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UMPIRES FILE CHARGES AGAINST BOTH LEAGUES

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Right when it appeared players and owners entered their lowest point in baseball negotiations, umpires entered the already murky picture by filing unfair labor charges against both major leagues.

The last time the Major League Umpires Association had a problem with its contract, general counsel Richie Phillips threw a chair through a wall at management lawyer Robert Kheel's firm."I'm probably going to have to put a table through a wall this time," Phillips said Thursday.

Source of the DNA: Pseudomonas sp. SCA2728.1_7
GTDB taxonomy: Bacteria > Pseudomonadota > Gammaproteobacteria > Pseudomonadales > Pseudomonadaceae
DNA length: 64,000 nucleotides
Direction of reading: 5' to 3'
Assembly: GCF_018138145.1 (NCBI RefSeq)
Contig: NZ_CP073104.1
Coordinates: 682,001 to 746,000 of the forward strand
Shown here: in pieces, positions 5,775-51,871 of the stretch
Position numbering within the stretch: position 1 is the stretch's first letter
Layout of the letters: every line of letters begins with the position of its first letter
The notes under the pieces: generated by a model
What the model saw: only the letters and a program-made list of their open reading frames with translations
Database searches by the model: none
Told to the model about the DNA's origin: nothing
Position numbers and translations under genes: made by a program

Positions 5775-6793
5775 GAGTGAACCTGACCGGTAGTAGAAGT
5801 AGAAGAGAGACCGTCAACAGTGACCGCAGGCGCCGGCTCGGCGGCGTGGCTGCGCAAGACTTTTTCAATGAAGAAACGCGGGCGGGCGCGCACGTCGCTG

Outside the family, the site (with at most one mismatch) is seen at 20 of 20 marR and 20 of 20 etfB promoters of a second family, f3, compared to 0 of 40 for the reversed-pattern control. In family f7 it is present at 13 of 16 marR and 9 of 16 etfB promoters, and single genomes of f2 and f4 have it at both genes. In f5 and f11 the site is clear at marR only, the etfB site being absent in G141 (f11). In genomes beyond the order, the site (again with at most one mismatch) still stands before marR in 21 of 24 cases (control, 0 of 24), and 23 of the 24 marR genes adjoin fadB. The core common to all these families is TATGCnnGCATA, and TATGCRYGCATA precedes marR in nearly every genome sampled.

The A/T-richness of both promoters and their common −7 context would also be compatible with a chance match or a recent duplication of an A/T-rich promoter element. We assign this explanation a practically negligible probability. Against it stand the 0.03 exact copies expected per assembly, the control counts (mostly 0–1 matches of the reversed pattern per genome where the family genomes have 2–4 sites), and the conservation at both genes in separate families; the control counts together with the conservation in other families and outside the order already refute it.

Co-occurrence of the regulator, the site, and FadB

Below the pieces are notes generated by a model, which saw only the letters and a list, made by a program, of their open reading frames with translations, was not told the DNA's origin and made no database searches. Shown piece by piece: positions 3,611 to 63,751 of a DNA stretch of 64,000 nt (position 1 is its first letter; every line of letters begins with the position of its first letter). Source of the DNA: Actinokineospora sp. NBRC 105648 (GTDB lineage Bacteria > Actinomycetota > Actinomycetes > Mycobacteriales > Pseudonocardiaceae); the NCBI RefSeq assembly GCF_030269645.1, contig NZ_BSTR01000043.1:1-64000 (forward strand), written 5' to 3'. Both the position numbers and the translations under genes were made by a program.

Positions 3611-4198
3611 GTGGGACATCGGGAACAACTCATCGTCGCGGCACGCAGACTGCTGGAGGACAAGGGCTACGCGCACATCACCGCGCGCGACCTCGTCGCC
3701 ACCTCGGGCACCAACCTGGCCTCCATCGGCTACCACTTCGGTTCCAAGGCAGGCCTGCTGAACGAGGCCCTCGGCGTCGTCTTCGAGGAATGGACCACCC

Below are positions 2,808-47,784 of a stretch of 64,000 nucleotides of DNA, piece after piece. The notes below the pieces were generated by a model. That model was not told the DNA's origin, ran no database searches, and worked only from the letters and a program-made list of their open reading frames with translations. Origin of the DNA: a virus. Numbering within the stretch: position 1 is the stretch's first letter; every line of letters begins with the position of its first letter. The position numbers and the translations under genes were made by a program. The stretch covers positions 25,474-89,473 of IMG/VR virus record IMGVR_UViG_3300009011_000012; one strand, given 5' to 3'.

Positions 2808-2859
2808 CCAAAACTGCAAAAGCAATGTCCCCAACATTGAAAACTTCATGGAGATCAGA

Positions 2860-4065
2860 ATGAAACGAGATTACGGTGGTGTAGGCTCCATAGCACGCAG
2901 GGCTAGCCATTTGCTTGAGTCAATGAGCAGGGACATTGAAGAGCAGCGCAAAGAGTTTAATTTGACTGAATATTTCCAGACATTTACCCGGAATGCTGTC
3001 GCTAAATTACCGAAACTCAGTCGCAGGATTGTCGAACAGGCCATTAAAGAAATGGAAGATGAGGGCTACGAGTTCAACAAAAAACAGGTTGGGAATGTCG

Phillips filed charges against the American and National leagues with the National Labor Relations Board, alleging they have failed to bargain in good faith.

Umpires, who are paid year-round, won't be paid after Jan. 1, Phillips said.

In 1994, umprires made from $60,000 to $175,000, depending on seniority. Under the four-year agreement that expires Dec. 31, they also receive an additional $10,000 to $20,000 each from the postseason bonus pool, a total of $1.2 million.

AL president Gene Budig said the proposals didn't take "into account the tenor of the times."